Many have blamed the popular short-video sharing platform for playing a role in the recent security escalation, which ultimately has included the firing of dozens of rockets into Israel.
TikTok videos helped spark several nights of clashes and chaos among Arab and Jewish youth in Jerusalem – and the worst may be yet to come. Many have blamed the popular short-video sharing platform for playing a role in the recent security escalation, which ultimately led to the firing of dozens of rockets into Israel. “Everyone is calling it the TikTok intifada,” according to Dr. Tehilla Shwartz Altshuler, a senior fellow at the Israel Democracy Institute. “We are only seeing the tip of the iceberg.
”Last weekend, far-right activists took to the streets to protest a series of videos that depicted Arab youth harassing and assaulting ultra-Orthodox Jews. The rockets, some analysts believe, were shot partially in a show of solidarity for Palestinians entangled in the clashes that ensued. But Shwartz Altshuler told The Jerusalem Post not to believe that because the videos showed Arab youth attacking Jews that the Jews were not incited to violence, too. Rather, the Jewish youth are less on TikTok and more on closed social networks like WhatsApp and Telegram.
“WhatsApp is not open,” she said. “ Only people who are friends with each other can see what is being shared. So, it is much harder to know what is happening there. ”The connection between violence and social networks is not new.“ The impact of TikTok on recent events in Jerusalem was quite predictable,” said Gabriel Weimann, professor of communication and senior researcher at the IDC Herzliya’s Institute for Counter Terrorism.
He recalled the “Stabbing Intifada” of 2015-2016, in which Palestinian leaders incited violence against Israelis through impassioned speeches on social networks that went viral. Ultimately, thousands of posts were disseminated by leaders and laypeople alike calling on Arabs to stab Jews, including specifically which Jews to stab and even how to stab them to achieve maximum impact. “Most people who went out [and stabbed somebody] were exposed to those messages,” Weimann told the Post, noting that they were not on TikTok then but only Facebook and Twitter.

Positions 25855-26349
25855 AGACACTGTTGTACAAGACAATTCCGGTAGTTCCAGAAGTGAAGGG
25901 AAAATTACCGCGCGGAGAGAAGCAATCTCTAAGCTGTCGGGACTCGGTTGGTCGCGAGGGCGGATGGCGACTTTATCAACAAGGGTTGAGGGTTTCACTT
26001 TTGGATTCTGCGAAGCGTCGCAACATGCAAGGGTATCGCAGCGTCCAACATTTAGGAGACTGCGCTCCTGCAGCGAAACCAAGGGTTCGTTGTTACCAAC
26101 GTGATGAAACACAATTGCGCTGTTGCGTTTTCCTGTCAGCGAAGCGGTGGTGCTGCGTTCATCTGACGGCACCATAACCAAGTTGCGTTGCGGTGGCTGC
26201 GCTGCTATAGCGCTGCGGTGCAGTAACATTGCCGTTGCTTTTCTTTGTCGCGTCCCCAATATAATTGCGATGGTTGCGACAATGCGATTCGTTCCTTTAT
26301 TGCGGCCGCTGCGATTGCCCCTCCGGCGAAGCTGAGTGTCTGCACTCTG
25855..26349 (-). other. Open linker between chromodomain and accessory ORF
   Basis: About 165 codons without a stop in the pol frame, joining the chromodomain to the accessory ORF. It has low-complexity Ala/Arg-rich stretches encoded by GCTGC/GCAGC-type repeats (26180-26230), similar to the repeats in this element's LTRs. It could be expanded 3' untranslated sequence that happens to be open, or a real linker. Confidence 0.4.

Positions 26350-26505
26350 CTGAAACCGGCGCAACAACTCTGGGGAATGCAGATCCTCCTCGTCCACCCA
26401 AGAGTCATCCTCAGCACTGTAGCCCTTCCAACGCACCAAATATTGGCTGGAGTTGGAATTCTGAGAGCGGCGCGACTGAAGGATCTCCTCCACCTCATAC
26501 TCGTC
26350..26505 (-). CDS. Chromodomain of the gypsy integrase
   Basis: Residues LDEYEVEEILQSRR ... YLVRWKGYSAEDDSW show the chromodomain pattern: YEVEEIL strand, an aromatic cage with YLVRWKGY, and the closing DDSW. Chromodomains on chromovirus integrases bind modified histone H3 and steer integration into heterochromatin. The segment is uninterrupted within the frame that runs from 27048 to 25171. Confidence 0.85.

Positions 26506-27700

MORE RECENTLY, social media played an important role in the January 6 Capitol Hill riots in Washington. The platforms were used to rile the masses up, recruit marchers and tell them what to do.What Israel saw last week was “more of the same, only the platform changed,” Weimann said. “Almost all social media networks have some posts which are in some way encouraging the use of violence or spreading hate messages.” But he said that TikTok is slightly more troubling than some of the more mainstream American platforms like Facebook, for several reasons.
First, TikTok draws a very young audience – even children, and most of them under the age of 16. Although the user guide says that account holders must be 13 or older, many participants are as young as age 6.Young people are more gullible, more innocent and certainly more easily influenced, according to Weimann. They are also less likely to complain— one of the main ways that hate content is removed from networks—because they might not even recognize such content for what it is or deem it harmful.Moreover, TikTok is Chinese-owned.
“I don’t want to sound like the Chinese should be blamed, but a Chinese company is certainly not as aware of democratic values or attempts at regulation,” Weimann told the Post, explaining that the company’s owners are likely more interested in making a profit than censoring themselves.LAST YEAR, Weimann published a report detailing large amounts of antisemitic, racist and other hate speech circulating on the video-sharing platform.
The report was shared with TikTok’s leadership. In a live interview, the company’s spokesperson committed to tackling the issue head-on. But Weimann said that this year’s report, which is slated to be published later this spring, will reveal not a decline, but an increase in hate speech. “It means TikTok is not doing enough or it is incapable [of doing enough],” he said.
In Israel, the Cyber Unit of the Office of the State Attorney can flag posts it deems dangerous and submit them directly to the social networks for removal—a process that Shwartz Altshuler said was upheld by outgoing Supreme Court Justice Hanan Melcer earlier this month. While it is still not ideal to have such content on the platforms to begin with, she said that “we see what we see on TikTok, but we have good tools in Israel to deal with it… If this is the TikTok intifada, then I believe we have the toolkit to cope with it. ”Rather, she said if similar violent content is spreading on closed social networks like Telegram and WhatsApp, then “this is much worse and there is no one who can stop it.”
She explained that the dynamic of people moving from words to actions is much faster and more dangerous when talking about messages being shared in closed groups.“People feel at home; these are their friends,” Shwartz Altshuler said. “They share the same goal and therefore speak even more extremely, and they are much more likely to move on what is asked of them.” She predicted that if Israel really wants to stop the violence, officials need to look not only at TikTok but at these closed networks, too.If not, she said, “I think we are going to see more of this in the coming months.”